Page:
Cyclura cychlura inornata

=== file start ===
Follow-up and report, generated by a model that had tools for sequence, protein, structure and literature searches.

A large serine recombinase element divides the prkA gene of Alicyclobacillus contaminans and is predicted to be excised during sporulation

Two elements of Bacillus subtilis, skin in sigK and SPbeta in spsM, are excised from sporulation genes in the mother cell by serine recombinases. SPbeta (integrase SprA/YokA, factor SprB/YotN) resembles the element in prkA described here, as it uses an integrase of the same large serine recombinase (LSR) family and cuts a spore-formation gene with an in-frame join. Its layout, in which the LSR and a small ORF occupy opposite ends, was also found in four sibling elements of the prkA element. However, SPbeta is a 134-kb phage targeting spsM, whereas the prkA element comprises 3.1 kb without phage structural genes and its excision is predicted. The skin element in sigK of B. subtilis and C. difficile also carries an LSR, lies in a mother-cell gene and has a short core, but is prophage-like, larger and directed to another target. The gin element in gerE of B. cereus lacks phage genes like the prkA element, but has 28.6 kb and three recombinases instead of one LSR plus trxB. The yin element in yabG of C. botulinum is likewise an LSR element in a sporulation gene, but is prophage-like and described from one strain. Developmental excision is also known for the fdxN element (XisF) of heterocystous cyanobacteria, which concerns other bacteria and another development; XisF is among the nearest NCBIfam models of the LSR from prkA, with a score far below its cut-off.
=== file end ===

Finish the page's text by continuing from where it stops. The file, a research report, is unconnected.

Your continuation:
The Allen Cays Rock Iguana was believed extinct in the early 1900s due to hunting by local fisherman. The populations on the two cays where they occur naturally totaled only about 300 iguanas in early 1980s, but has rebounded to over 1,000 by 2016. To decrease the risk of species loss, two translocated populations were established on islands owned by The Bahamas and are now flourishing. The cays with naturally occurring populations are visited intensively by tourists for the purpose of feeding the iguanas; one island receives 150 or more people each day. The long-term physiological and behavioral impacts of this supplemental feeding are unclear, but worrisome and under investigation funded in part by the IIF. This intensity of visitation also brings the danger of the accidental introduction of feral mammals, such as rodents, dogs, or cats, which could be catastrophic for these small island populations. These iguanas have been under continuous study since 1980 by IIF Board Member Dr. John Iverson.